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  • Writer's pictureKatherine Brown

How consumers fell in love with bridge brands

Updated: Feb 7, 2020

The gap between luxury and high street has long defined consumer segments - that is, until the sudden boom of contemporary bridge brands. 

The so-called ‘affordable luxury’ bridge brand sector has opened up opportunities for both aspirational luxury purveyors and high street consumers alike to achieve the near-luxury exclusivity, without breaking the bank. Bridge brands have created a middle ground between high street fashion (Topshop, Mango, Zara) and luxury (Gucci, Prada, Burberry). Some of the most recognised names include the likes of cool-girl new generation contemporary brands such as Reformation, Nanushka, Rixo and Rouje, as well as Scandi names like Ganni, Arket and Cos, through to more well-known mid-luxury staples like Isabel Marant, Ted Baker and Michael Kors. Contemporary bridge brands are not to be confused with diffusion lines, which are generally labels that are created by luxury brands, such as Venus for Versace. 

Whilst luxury brands have the advantage of history and legacy, contemporary brands have the advantage of having a distinct, accessible aesthetic. Moreover, mid-priced contemporary bridge brands have been able to thrive where many high-street brands have failed by addressing sustainability and wardrobe durability. The one-use, disposable image associated with mass-produced and low-cost fashion is more and more incentivising those who can afford to shop elsewhere, to look further afield and discover contemporary new brands. 

The brand positioning map shows an alignment of brands from fast fashion to luxury and the price range. Considerable factors that do not appear include sustainability, segmentation and brand messaging although these are key determinants of popularity and brand image

The excitement and the ‘discovery factor’ of emerging contemporary brands brings exclusivity that is unattainable from high street retailers - and this is where brands need to play their cards right in creating the new ‘It’ items. Creating timeless, design-focused and conscientious collections of highest quality within an affordable price range, sales of contemporary brands have skyrocketed in recent years. Swedish brand Ganni hit $50 million in 2018, thanks as well to ecommerce sales on Net-A-Porter and Farfetch, which are normally dominated by designer names which suggests a growing preference for durability and capsule wardrobes with fewer items that can go further.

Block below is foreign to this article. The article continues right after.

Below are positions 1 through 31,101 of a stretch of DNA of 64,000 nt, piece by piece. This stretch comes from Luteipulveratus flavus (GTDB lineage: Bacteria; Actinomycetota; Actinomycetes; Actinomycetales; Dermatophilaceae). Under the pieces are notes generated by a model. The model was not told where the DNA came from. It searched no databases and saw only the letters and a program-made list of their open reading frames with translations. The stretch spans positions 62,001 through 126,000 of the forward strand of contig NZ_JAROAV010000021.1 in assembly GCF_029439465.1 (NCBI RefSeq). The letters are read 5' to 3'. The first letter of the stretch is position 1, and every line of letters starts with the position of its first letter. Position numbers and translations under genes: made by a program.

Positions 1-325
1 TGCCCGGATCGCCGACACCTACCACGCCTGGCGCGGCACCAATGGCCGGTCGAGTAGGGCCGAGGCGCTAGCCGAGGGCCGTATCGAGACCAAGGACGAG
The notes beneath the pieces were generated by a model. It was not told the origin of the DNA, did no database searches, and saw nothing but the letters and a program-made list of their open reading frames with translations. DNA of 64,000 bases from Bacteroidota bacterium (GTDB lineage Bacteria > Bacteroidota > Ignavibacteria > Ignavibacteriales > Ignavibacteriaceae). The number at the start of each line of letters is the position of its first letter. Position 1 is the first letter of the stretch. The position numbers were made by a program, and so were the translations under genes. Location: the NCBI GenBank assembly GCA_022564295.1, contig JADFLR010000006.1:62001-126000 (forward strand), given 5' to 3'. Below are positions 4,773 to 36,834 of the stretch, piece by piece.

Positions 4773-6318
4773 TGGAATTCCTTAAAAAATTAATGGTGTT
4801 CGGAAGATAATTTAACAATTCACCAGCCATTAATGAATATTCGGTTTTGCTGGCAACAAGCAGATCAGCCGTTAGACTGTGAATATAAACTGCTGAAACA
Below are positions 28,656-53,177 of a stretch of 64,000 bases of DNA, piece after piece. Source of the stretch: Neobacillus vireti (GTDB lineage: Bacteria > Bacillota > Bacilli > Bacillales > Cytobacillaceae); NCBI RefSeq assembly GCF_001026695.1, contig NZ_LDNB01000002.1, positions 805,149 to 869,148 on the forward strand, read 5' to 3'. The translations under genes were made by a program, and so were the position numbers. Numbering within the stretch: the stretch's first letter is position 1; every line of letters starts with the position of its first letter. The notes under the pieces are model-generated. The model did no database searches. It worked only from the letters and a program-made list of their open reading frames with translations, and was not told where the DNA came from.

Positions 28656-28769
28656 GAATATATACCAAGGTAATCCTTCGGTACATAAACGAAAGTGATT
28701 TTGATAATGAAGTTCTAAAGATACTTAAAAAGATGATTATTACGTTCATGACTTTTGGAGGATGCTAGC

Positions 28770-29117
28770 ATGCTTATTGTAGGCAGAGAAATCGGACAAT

Streetwear brands too have entered this sector, with names like Vetements coming up at around $600 for a sweatshirt and around $380 for a tshirt, along with Chinese names like Li Ning who has emerged as a dominant player. The global demand for streetwear has skyrocketed and highlights a unique bubble up pattern whereby previously thought of as informal and ‘chavvy’ has become a billion dollar market. It is one of the latest trends to have taken over the fashion world for global consumers and has leveraged the power of celebrity influence and design collaborations, such as Taiwanese artist James Jean for Nike

Chinese consumer insights 

More and more consumers are eschewing high street labels in part because of the single-wear, disposable message they embody, according to Elizabeth von der Goltz for Harper’s Bazaar. And for Chinese consumers, purchase decisions are no longer just about the clothes in question, as consumers are increasingly drawn to the brand message and how it fits into their personal images. Mid-ranged domestic Chinese brands such as ZucZug, Icicle and Bosideng, for instance, have captured a preference for design-led popular style, and concept stores like ALTER focus on alternative and niche findings that give consumers a sense of thrill with their unique, one-off offerings. 

This, along with a global consciousness towards sustainability means consumers are seeking transparency more and more from brands about details of the country of origin, quality and source of products, and the lifeline and lifespan of what they are buying. Bridge brands look to guarantee the highest quality product possible in an affordable price bracket which enables wider distribution at an accessible price point, particularly amongst both male and female Chinese millennials and Gen Y (those born from the mid 1980s to the mid 1990s) who have higher disposable income and fall into China's largest consumer segments. 

Advice for bridge brand retailers 

What does this mean for retailers heading into China? One of the biggest challenges for retailers, and especially emerging brands at the moment is the competition. Retailers ought not to outprice themselves at the risk of failing, and to determine the maximum impact they can make within their given price range. However, tastes are growing beyond big-name luxury brands and Chinese consumers want the discovery factor and a unique consumer experience, along with quality assurance and brand image that they can relate to. For smaller brands and emerging designers, concept stores have opened up doors to new designers and new ideas which are a good starting point without jumping on the ecommerce bandwagon straightaway. Ecommerce is saturated and whilst convenient for the consumer and can cut the costs of brick and mortar retail, choosing the right platform and being seen should be at the forefront of the decision making process when choosing retail outlets.

Bridge brands identity ultimately focuses on conveying the highest levels of sustainability, quality and production available within the affordable price bracket, and by creating new consumer experiences and focusing on self expression through fashion, this makes contemporary bridge brands the ideal offering for the Chinese market.

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